5. Parties Contentions

A. Complainant

The Complainant is Société des Bains de Mer founder and manager of the Casino of Monte-Carlo. Since April 2, 1863, Complainant was granted by the authorities of the Principauté de Monaco a monopoly for casino and gambling industries for the territory of the Principauté de Monaco, and is therefore the sole company that can organize games and gambling in Monaco.

The Complainant highlights that has been operating a casino under the name "Casino de Monte-Carlo" for more than 140 years. The Casino de Monte-Carlo has become famous worldwide as one of the most significant symbols of the Principauté de Monaco. It attracts a clientele that comes from numerous European and non-European countries.

The Complainant states that the Domain Names are identical and confusingly similar to wordmark "CASINO DE MONTE-CARLO", filed in August 13, 1996, with the Monaco Trademark Office as well as to two US trademark applications for "CASINO DE MONTE-CARLO". The first one was filed on May 2, 2002. The second one was filed December 3, 2002. The panel is also informed that the rights of the Complainant in and to the domain names at stake have already been recognized by several decisions of the WIPO Arbitration and Mediation Center, quoting a number of decisions.

The Complainant quotes that the United States Court of Appeals for the Fourth Circuit affirmed, on May 19, 2003, the United States District Court for the Eastern District of Virginias judgment. This judgment rendered on March 25, 2002, had ruled in favor of the Complainant on its infringement and cybersquatting claims against the then registrants of the disputed domain names, awarding the Complainant statutory damages and ordering the transfer of 43 domain names including the domain names which are the subject matters of this complaint, providing to the Panel copies of both decisions.

The Complainant explains that, although transferred to the Complainant pursuant to the above mentioned WIPO and US Courts decisions, the domain names at stake have inadvertently been made available to registration because they have not been renewed in due time, indicating that the Complainants omission to renew the registration for these domain names is purely accidental and results from an internal misunderstanding between Complainants internal services.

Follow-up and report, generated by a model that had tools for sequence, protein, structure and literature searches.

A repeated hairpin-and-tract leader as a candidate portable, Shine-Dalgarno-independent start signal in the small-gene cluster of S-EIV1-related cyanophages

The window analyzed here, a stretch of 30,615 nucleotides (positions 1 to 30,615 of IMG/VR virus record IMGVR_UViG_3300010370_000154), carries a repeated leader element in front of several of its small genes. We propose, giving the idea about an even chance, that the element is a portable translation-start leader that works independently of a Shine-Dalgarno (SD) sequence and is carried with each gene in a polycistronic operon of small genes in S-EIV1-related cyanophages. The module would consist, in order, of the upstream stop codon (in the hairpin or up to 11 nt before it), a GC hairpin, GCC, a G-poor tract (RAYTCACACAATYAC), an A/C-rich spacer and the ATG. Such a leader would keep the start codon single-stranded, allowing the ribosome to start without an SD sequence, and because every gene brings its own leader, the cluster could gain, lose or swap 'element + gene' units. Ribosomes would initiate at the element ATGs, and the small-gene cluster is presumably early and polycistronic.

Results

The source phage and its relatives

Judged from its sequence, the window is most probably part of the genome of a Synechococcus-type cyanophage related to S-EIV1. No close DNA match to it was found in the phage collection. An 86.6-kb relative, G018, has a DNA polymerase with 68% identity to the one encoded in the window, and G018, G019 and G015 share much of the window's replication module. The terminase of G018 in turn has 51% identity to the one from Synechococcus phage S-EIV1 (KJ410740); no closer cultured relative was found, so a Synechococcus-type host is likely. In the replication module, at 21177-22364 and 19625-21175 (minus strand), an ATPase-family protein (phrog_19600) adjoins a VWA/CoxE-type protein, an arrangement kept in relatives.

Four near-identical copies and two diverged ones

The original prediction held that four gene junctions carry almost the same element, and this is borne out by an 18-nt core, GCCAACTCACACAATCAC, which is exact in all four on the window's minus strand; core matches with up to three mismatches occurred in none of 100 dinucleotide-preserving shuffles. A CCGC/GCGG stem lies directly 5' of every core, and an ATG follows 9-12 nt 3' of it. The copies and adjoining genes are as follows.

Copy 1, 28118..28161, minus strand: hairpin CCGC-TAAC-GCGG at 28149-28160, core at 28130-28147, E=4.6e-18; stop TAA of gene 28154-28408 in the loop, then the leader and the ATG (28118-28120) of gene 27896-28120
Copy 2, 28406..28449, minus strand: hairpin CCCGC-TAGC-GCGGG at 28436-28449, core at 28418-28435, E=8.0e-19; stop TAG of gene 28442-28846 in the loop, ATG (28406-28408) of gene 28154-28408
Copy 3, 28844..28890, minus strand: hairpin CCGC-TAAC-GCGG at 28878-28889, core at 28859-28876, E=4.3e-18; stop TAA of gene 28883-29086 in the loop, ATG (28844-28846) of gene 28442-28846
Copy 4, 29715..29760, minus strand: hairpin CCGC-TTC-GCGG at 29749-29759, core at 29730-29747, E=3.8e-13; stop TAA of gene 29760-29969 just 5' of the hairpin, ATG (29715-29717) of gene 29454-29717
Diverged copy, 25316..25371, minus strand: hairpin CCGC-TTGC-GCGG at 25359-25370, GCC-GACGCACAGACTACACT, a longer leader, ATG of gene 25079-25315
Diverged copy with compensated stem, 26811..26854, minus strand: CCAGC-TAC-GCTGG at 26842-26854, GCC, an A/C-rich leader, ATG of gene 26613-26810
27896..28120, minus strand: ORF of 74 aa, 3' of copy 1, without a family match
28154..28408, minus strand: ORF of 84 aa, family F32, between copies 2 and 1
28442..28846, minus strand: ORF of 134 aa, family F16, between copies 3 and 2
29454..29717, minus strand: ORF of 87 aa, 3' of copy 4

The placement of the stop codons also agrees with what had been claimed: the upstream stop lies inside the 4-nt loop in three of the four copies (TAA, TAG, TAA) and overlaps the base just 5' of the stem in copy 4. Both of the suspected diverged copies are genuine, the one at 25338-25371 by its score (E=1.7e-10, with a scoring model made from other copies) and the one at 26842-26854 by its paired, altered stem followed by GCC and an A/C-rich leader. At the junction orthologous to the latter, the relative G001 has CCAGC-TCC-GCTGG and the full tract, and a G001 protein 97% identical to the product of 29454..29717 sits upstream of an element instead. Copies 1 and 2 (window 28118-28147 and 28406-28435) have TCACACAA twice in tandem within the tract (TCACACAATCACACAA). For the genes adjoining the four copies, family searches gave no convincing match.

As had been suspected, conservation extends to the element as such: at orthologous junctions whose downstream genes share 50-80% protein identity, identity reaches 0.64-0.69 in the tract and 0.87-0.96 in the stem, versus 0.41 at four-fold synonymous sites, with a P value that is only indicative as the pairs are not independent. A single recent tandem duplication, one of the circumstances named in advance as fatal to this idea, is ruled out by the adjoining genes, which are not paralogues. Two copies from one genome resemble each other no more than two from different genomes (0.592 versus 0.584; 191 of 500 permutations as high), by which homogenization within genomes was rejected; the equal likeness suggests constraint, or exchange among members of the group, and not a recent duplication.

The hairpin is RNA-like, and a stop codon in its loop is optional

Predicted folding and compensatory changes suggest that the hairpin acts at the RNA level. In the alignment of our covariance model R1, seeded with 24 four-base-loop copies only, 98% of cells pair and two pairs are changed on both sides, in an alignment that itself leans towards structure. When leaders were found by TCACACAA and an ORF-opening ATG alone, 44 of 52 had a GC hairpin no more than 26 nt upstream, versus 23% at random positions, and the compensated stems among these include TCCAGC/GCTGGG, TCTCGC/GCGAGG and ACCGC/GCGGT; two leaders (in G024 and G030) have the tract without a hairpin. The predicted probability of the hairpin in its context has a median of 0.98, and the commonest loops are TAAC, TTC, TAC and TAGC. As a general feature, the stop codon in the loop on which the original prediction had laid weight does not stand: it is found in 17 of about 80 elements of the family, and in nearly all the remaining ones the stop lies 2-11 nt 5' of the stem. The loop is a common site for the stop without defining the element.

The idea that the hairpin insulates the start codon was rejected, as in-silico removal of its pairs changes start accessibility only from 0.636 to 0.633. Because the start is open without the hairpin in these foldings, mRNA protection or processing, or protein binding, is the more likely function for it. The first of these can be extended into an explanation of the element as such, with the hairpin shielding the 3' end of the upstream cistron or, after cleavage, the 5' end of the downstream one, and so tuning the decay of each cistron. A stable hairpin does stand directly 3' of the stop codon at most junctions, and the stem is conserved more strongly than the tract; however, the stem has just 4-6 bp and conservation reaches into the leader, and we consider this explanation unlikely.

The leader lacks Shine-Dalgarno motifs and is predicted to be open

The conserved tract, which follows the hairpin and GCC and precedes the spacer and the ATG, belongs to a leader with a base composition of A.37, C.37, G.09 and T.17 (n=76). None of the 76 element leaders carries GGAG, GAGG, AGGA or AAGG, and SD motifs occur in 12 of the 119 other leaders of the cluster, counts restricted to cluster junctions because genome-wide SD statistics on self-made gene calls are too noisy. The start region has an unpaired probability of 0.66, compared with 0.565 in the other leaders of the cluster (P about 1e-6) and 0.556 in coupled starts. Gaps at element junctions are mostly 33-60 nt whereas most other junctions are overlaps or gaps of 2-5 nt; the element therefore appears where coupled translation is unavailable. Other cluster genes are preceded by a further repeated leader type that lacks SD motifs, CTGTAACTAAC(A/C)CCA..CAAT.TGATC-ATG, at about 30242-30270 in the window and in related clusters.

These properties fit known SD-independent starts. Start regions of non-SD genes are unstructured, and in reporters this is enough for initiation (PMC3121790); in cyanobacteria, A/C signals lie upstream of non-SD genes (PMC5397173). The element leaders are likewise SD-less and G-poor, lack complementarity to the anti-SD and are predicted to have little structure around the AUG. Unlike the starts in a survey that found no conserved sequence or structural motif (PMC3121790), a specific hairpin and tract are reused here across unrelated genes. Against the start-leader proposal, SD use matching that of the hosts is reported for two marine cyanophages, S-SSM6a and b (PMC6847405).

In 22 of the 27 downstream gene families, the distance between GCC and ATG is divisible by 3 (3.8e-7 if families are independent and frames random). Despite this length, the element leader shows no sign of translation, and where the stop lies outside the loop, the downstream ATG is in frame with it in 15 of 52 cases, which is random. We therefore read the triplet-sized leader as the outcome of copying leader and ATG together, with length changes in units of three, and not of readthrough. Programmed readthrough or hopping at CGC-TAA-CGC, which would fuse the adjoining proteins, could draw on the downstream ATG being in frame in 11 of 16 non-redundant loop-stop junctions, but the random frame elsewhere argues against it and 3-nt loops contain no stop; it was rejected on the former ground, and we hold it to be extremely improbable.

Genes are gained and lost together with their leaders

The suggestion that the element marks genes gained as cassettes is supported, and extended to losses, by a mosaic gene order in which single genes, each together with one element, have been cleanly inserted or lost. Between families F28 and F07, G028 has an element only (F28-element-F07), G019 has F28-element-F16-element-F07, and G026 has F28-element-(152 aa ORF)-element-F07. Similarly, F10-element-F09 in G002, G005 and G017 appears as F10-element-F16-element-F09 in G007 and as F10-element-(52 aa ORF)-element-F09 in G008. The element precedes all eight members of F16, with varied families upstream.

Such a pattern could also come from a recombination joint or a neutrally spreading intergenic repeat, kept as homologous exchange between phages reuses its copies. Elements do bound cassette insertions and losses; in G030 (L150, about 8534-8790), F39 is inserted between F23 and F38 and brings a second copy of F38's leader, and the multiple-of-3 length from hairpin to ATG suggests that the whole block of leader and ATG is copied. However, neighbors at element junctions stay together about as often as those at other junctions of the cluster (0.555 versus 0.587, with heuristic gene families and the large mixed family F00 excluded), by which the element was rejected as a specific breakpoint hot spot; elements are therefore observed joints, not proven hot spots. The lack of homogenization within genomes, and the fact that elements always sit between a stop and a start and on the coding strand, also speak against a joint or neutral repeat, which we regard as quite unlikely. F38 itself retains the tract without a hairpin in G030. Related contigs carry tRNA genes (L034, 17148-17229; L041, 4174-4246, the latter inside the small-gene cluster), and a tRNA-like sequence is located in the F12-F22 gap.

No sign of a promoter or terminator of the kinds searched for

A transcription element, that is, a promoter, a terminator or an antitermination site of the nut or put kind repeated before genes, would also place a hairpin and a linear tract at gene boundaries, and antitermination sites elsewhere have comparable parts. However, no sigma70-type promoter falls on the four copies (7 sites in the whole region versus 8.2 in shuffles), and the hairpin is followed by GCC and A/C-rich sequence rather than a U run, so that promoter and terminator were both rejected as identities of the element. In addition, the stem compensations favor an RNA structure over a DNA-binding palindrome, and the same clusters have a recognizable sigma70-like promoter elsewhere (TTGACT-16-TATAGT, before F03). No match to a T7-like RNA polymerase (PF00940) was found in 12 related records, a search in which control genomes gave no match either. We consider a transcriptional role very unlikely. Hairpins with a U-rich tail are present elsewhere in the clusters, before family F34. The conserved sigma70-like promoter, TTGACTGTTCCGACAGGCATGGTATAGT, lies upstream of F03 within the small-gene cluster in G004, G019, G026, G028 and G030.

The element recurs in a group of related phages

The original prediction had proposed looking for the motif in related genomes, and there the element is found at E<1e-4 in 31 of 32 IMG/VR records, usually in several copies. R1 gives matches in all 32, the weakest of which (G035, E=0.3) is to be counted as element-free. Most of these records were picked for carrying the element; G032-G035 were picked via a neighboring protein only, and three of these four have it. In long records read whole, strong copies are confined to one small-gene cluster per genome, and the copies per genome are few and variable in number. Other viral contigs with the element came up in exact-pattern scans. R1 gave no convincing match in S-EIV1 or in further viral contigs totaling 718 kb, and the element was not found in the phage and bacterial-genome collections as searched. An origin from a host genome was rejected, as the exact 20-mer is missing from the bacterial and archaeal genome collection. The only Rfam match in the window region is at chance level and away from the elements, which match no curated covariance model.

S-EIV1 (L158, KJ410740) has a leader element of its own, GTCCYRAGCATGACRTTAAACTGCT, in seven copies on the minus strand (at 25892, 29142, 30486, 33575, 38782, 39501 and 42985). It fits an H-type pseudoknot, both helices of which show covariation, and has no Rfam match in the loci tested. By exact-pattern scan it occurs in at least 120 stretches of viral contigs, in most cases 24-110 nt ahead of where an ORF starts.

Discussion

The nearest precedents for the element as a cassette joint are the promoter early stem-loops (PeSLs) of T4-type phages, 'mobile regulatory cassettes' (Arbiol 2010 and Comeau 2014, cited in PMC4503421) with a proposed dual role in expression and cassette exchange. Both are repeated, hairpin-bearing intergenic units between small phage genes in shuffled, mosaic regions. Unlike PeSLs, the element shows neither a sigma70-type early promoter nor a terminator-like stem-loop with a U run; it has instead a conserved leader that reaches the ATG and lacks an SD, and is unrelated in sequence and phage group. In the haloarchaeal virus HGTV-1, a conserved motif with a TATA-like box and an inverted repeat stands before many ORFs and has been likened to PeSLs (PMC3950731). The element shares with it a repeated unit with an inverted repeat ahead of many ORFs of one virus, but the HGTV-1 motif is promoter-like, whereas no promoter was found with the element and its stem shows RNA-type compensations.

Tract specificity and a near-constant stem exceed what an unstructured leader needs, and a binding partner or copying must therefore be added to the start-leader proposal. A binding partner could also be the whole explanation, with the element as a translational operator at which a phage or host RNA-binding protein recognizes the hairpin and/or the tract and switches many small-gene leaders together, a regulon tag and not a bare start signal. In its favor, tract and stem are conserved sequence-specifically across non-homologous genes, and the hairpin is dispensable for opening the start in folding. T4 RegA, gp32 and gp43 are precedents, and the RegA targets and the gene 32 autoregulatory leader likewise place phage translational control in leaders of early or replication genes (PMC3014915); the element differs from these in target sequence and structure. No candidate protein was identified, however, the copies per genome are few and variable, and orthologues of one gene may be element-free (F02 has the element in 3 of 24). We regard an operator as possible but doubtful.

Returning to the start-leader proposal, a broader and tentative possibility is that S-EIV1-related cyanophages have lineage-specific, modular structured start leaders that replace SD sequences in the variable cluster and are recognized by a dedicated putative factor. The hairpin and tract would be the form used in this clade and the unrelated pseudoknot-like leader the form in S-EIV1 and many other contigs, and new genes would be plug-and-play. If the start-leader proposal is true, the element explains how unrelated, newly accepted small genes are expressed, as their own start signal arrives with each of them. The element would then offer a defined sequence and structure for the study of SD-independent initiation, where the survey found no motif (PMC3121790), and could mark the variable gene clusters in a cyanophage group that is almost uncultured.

According to the Complainant the domain names are, beyond any doubt, identical to the Complainant's prior trademark "CASINO DE MONTE-CARLO" since in all of them the trademark is completely reproduced and the adjunction of the term "sexy" to four of the ten domain names does not erase the strong similarity that exists with the Complainant's trademark and it is only a "catch term".

With reference to the rights or legitimate interest the Complainant underlines that the Respondent did not file or register any trademark concerning these signs, that the Respondents registered name itself, Internet Billions Domains Inc., suggests that it conducts an activity in relation with massive domain names reservation, more than a casino and gambling activity.

Furthermore, to the best of Complainants knowledge, Respondent is not using the disputed domain names in connection with the bona fide offering of any product or service both in the gambling business (as suggested by the word "casino" which is present in all the disputed domain names) and in any other business. In this respect, it should be noted that, although the registrations of the ten domain names were made in August 2003 and September 2003, Respondent has not used any of them yet, as these domain names do not lead to any active website.